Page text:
You would think that I, as a Christian, would always love God and Jesus Christ, and would want to know Him and do His will. Intellectually speaking you’d be right, but in the manner that I actually live my life, and within my spirit—in my heart—this can often be something different.
I’m talking about something common to man (I believe) regardless of whether one is a Christian or not, or merely calls themselves one, or is actually something quite different: an atheist, a Buddhist, Hindu, Moslem, Jew, or something else, or none of the above.
Man is a body and a spirit. I believe this is true, and this fact is foundational and must be assumed in order to understand the rest of my argument. Even if one doesn’t know that they are spirit, and can’t find a way to experience this aspect of themselves, and believes that they are only body, this makes no difference to the truth that man is body and spirit.
In fact, those that might insist that they are only body—and deny that there is a spirit world, and a God who is spirit, through whom all things came into being—these illustrate the very thing that I am hoping to explain and convince the reader about: that the direction and manner that each of us move our own spirit, how we direct the deepest and innermost aspect of our being, is the primary thing that either draws us into closer relationship with God, or causes us to fall away and ultimately to lose sight entirely of all things spiritual, and to become blind to the existence of things beyond the physical realities.
The movement of our spirit is first, and any name we may call ourselves (Christian, Buddhist, atheist etc.) follows only after, and as a result of that specific movement. But what is this movement of the spirit that I am referring to, and how does it affect our daily life? It is the primal cause active within us, which results in our thoughts and feelings and how we respond to our environment. Often we only see cause and effect as it occurs on the physical level, but there is a more fundamental cause on the spiritual level, with more essential effects on how we interact with everything in our daily life. It can be very difficult to perceive this movement of our spirit within us, and it becomes more and more difficult the further we move in the direction away from God. Yet, as we draw closer to God it becomes clearer and easier to see.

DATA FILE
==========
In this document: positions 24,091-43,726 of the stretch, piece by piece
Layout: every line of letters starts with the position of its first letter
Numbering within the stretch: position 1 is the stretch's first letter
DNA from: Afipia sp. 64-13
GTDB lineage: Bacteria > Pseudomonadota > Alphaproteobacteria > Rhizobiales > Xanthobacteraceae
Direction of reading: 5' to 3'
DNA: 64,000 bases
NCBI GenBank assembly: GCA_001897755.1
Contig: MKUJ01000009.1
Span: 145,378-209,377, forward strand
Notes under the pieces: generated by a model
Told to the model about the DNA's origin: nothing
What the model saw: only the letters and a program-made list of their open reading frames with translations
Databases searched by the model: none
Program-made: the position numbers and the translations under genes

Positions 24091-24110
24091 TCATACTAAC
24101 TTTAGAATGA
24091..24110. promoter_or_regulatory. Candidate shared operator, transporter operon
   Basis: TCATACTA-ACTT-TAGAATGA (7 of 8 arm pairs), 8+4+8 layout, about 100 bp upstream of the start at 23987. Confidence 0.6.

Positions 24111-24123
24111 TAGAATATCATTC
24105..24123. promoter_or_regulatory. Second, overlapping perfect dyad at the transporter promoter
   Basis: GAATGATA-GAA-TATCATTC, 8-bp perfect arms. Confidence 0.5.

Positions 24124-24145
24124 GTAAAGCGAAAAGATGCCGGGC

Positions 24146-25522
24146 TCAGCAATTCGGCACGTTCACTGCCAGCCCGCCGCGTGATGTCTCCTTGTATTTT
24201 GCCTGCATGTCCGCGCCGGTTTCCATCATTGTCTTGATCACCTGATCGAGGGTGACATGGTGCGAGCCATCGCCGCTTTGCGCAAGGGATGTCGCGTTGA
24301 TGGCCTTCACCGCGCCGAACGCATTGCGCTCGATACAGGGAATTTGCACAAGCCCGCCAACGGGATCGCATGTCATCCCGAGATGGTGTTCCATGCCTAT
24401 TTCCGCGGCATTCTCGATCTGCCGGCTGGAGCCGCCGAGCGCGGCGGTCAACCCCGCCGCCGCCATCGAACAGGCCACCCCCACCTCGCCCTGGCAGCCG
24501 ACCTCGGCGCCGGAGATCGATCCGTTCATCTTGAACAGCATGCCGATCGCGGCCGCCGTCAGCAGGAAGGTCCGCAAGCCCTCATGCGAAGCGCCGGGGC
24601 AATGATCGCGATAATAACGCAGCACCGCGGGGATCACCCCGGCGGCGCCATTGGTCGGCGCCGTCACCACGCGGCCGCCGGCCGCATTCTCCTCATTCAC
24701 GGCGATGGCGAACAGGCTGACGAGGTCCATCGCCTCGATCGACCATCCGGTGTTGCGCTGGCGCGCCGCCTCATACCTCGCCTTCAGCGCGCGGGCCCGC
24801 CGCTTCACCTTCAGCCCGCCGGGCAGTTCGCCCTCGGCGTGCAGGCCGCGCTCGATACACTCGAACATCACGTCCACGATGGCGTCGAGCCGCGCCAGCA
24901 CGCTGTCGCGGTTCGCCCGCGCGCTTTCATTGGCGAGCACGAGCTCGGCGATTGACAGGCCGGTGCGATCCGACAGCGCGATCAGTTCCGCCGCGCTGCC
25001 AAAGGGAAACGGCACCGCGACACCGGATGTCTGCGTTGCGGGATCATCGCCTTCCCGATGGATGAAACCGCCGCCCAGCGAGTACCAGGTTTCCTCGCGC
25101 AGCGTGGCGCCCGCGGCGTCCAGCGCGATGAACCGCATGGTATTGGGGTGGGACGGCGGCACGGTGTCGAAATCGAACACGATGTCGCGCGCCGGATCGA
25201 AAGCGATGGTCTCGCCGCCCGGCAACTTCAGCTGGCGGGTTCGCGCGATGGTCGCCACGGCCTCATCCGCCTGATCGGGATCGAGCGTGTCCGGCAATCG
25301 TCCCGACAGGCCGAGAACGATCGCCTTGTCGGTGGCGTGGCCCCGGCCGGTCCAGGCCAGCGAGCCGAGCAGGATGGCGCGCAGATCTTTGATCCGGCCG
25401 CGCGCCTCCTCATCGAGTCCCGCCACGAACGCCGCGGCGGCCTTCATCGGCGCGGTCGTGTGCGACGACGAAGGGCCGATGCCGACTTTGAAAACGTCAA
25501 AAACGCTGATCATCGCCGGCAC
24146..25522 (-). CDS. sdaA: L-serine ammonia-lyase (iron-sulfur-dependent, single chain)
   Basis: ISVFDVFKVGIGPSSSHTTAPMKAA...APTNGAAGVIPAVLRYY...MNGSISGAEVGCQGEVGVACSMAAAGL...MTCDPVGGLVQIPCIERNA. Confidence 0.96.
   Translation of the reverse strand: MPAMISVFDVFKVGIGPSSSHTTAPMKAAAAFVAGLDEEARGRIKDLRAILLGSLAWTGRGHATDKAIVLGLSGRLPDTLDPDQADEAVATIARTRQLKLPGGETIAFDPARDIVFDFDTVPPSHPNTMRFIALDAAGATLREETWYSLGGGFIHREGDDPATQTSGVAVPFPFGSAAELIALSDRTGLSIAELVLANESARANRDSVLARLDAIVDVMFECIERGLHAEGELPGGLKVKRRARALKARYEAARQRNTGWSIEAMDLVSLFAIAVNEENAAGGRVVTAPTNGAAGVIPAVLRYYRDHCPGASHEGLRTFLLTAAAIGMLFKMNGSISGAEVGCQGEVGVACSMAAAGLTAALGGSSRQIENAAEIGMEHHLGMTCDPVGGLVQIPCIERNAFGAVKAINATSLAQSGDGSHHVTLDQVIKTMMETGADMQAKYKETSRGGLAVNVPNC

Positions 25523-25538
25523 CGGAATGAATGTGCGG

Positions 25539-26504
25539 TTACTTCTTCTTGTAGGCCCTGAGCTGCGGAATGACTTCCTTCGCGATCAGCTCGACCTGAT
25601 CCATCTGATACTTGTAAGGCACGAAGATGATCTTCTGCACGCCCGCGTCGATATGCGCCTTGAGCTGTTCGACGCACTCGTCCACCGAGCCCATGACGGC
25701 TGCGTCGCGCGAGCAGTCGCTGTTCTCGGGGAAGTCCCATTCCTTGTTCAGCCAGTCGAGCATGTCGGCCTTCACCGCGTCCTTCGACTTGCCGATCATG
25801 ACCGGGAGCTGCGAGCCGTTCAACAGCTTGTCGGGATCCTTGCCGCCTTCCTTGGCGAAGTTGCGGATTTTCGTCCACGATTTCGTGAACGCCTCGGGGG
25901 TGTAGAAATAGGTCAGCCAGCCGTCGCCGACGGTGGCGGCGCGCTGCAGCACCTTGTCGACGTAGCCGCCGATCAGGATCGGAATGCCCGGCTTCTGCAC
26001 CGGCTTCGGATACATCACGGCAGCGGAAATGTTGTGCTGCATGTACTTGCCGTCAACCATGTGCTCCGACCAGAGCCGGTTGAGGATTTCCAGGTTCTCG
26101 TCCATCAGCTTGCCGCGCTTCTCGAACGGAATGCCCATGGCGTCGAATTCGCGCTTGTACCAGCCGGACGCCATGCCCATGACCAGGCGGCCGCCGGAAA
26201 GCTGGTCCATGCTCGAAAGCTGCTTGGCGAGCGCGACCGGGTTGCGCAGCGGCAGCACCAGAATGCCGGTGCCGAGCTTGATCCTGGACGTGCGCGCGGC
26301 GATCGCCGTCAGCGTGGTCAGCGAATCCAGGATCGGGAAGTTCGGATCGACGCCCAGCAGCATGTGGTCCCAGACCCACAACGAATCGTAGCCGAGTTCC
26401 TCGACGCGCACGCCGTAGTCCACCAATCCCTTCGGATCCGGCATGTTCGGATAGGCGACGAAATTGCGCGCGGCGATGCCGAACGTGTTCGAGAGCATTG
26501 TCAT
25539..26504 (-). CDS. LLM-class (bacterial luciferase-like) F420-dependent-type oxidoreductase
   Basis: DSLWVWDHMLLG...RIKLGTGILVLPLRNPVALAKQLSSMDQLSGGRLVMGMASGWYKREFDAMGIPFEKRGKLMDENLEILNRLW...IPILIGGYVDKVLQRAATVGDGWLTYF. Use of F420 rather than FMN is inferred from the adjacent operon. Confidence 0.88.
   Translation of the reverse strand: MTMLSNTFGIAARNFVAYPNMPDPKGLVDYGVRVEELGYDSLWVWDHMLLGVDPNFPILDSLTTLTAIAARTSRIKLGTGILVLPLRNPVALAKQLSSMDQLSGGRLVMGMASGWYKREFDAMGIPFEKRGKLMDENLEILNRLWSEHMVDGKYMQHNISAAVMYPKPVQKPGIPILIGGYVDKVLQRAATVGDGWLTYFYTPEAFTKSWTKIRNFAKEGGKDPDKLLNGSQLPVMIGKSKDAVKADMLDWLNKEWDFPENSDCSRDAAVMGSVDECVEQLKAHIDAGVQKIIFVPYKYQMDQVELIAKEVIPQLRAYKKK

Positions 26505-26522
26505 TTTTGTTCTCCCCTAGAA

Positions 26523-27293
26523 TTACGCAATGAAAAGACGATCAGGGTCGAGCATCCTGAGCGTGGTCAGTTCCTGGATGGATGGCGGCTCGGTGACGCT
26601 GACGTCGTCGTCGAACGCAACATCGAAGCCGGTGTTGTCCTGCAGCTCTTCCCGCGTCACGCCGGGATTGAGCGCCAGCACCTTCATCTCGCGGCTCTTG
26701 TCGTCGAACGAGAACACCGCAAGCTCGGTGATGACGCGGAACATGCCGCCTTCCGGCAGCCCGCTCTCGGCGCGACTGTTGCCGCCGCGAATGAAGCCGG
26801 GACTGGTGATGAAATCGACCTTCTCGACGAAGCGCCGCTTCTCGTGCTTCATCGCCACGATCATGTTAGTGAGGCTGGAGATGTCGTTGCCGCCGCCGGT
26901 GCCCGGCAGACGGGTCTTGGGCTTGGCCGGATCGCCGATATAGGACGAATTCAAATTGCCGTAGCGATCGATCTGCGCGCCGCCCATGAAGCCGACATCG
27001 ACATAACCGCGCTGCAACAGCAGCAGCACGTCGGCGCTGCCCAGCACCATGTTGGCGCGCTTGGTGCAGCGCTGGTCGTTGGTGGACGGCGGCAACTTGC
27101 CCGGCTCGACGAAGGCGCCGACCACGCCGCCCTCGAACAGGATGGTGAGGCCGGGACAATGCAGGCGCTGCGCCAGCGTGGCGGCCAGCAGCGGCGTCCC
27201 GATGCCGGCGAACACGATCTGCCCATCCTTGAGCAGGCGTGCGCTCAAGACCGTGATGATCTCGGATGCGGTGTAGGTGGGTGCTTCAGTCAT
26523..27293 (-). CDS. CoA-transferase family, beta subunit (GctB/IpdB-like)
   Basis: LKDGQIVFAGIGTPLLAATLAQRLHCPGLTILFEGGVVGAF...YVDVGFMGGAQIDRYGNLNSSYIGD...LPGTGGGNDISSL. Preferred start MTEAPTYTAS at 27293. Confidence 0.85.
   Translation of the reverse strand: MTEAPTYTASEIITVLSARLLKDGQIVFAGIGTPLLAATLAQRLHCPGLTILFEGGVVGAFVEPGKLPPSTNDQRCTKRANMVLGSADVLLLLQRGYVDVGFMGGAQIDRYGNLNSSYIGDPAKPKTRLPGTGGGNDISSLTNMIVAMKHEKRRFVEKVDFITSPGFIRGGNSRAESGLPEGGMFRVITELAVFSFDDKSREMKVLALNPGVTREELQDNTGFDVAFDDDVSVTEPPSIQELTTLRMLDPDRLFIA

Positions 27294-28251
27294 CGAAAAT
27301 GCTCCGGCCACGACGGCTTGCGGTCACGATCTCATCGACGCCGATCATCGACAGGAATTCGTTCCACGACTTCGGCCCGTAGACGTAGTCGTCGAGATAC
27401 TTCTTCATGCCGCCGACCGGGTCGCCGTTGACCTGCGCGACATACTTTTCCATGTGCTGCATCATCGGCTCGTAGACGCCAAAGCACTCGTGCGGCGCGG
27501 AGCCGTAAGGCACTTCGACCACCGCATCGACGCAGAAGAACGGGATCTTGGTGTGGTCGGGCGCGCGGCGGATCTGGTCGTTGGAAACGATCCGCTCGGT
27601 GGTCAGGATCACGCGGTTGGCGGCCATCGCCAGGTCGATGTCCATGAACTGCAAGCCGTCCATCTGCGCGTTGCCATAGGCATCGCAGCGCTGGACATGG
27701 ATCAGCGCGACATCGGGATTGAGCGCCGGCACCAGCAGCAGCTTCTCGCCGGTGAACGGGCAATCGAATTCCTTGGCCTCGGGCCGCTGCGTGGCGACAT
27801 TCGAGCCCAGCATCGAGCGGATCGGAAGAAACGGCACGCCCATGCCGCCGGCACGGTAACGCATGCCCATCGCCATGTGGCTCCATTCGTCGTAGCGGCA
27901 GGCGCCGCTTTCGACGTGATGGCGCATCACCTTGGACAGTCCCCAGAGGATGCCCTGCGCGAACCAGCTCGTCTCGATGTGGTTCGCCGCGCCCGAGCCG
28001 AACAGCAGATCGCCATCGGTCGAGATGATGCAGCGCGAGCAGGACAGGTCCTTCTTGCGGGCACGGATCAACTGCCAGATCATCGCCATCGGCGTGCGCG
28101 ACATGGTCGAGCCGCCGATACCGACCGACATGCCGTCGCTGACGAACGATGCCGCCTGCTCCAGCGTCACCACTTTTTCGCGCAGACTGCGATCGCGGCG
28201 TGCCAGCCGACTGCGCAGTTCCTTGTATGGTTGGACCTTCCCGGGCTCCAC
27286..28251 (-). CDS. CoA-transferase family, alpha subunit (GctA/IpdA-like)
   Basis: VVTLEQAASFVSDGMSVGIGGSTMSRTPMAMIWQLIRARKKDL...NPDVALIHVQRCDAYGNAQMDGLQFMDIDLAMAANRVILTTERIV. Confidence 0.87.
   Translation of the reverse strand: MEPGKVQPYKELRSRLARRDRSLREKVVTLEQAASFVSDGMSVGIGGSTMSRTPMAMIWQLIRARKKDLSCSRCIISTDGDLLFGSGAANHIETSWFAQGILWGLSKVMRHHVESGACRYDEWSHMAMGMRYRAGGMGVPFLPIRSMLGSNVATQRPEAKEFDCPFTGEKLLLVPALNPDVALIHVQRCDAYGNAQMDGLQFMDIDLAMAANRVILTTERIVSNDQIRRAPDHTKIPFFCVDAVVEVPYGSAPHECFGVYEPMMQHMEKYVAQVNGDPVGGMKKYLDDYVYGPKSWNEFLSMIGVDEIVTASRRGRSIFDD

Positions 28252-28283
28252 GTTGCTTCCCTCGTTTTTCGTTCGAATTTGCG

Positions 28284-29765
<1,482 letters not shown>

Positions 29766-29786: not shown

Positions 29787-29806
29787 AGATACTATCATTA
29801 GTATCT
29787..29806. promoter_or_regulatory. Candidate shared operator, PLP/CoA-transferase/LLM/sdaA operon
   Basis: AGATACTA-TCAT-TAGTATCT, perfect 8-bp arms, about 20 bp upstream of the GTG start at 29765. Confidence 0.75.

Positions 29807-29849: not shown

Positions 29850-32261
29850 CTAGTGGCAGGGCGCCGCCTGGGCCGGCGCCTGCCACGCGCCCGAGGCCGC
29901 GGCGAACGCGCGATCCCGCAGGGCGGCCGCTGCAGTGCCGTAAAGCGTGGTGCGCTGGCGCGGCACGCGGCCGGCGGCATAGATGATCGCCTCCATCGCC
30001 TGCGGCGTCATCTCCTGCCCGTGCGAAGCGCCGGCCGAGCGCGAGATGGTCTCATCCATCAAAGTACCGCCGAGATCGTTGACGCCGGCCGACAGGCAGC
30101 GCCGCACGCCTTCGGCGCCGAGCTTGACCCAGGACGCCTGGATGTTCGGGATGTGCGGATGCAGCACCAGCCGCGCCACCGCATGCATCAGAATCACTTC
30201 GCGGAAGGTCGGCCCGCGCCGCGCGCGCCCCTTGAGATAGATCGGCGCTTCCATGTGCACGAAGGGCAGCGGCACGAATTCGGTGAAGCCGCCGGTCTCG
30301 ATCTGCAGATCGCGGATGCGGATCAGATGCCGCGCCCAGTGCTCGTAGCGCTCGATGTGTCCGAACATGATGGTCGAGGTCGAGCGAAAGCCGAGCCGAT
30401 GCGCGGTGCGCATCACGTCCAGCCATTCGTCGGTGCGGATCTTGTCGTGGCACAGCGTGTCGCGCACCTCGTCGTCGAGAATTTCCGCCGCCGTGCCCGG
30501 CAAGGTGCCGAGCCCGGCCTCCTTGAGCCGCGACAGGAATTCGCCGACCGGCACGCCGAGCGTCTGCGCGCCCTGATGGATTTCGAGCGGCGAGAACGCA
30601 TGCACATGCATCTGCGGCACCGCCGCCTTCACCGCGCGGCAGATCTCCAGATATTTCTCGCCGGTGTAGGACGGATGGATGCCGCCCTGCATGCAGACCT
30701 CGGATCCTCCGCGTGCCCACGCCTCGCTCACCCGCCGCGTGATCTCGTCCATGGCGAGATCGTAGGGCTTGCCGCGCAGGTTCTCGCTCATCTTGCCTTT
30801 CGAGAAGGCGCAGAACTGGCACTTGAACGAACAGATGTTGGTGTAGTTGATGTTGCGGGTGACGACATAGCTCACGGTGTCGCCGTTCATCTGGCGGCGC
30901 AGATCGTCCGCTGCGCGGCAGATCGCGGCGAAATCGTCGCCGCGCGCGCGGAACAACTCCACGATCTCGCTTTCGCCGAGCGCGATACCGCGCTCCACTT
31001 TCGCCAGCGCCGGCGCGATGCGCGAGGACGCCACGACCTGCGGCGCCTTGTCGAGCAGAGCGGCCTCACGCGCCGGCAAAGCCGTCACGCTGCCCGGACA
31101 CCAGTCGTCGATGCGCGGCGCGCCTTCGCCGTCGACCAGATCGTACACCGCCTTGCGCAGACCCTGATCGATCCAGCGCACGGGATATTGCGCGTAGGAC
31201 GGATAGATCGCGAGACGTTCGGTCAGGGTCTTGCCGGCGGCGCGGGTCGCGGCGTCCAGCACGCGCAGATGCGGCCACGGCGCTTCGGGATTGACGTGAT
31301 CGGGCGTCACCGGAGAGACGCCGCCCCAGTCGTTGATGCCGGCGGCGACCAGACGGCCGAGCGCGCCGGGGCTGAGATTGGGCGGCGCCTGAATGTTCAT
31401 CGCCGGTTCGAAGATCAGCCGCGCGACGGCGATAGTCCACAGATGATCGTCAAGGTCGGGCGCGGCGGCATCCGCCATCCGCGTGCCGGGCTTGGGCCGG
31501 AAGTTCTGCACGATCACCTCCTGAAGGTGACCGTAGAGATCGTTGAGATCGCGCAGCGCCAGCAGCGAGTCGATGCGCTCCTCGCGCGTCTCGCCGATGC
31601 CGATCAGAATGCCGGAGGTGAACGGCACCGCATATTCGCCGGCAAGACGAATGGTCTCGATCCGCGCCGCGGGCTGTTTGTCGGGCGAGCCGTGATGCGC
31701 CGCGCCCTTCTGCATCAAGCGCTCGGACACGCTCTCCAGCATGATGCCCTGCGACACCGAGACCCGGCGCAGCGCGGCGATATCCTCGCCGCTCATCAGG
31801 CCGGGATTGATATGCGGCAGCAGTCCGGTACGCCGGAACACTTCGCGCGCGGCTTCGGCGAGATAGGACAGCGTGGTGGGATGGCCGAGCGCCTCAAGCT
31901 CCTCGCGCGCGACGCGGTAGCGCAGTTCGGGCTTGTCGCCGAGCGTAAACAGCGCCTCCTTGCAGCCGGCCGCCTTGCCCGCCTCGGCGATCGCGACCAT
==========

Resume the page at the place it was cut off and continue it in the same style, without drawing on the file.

If we are unable to perceive the movement of our spirit, we at least can see by our thoughts and feelings the deeper orientation of our spirit. An atheist, for instance will have no belief in God, and no interest in what he believes to be unreal; his thoughts and feelings are indifferent or perhaps even antagonistic towards the concept of God. How could he ever turn back in the direction of a God he doesn’t believe exists? In his or her case probably only by divine intervention can his spirit be turned back in the direction of God, and only by this divine grace will he discover new thoughts—an epiphany, a road to Damascus experience—in which his thoughts and feelings, as if by a miracle, flip and he is converted.
And what of a professing Christian, one who believes and seeks deeper relationship with God, yet maybe they have a weak relationship with God, or one that is basically cold, unfulfilled, or maybe even dead in a sense? They too may be unable to see the state of their spirit as it truly is—its true orientation—because it is hidden beneath the abundance of thoughts and feelings that they have, and the ideas of who they are, or how the ‘should’ be acting and feeling. If they can see their spirit as it moves within them they may see that it is moving without God, and even in opposition to Him. But if they can’t see this, they may be able to notice that their thoughts are not about God at all, but rather about many other things instead; and they may see that their feelings are cold and indifferent or even hostile to God, maybe angry with Him for some reason or another. These thoughts and feelings can show them the true orientation of their spirit, even if they can’t perceive it outright, and these thoughts and feelings give explanation for why they have no connection to the God whom they profess to love.
Because the spirit is difficult to discern, it is often easier to focus on the level of our thoughts and feelings, and maybe to decide that this is really the only realm to be concerned about, and possibly to imagine that this is the only place to focus our attention. It can be very helpful to address our thoughts and feelings, but it can be much more powerful if we are able to address the movement of our spirit. Turning our spirit in one direction or the other has much greater impact upon the course of our life. Like the turning of the rudder on a ship—where the movement in the moment is small and quick—but the change in direction over time can become monumental.
Similarly, the movement of the spirit within us is very fast, like lightning, but after it moves, in its wake thereafter grows a greater and greater impact on the direction of our life, and the flow of our thoughts, and the direction these thoughts will take us. I will share one example from my own life that may illustrate this phenomena, and hopefully I can describe it accurately.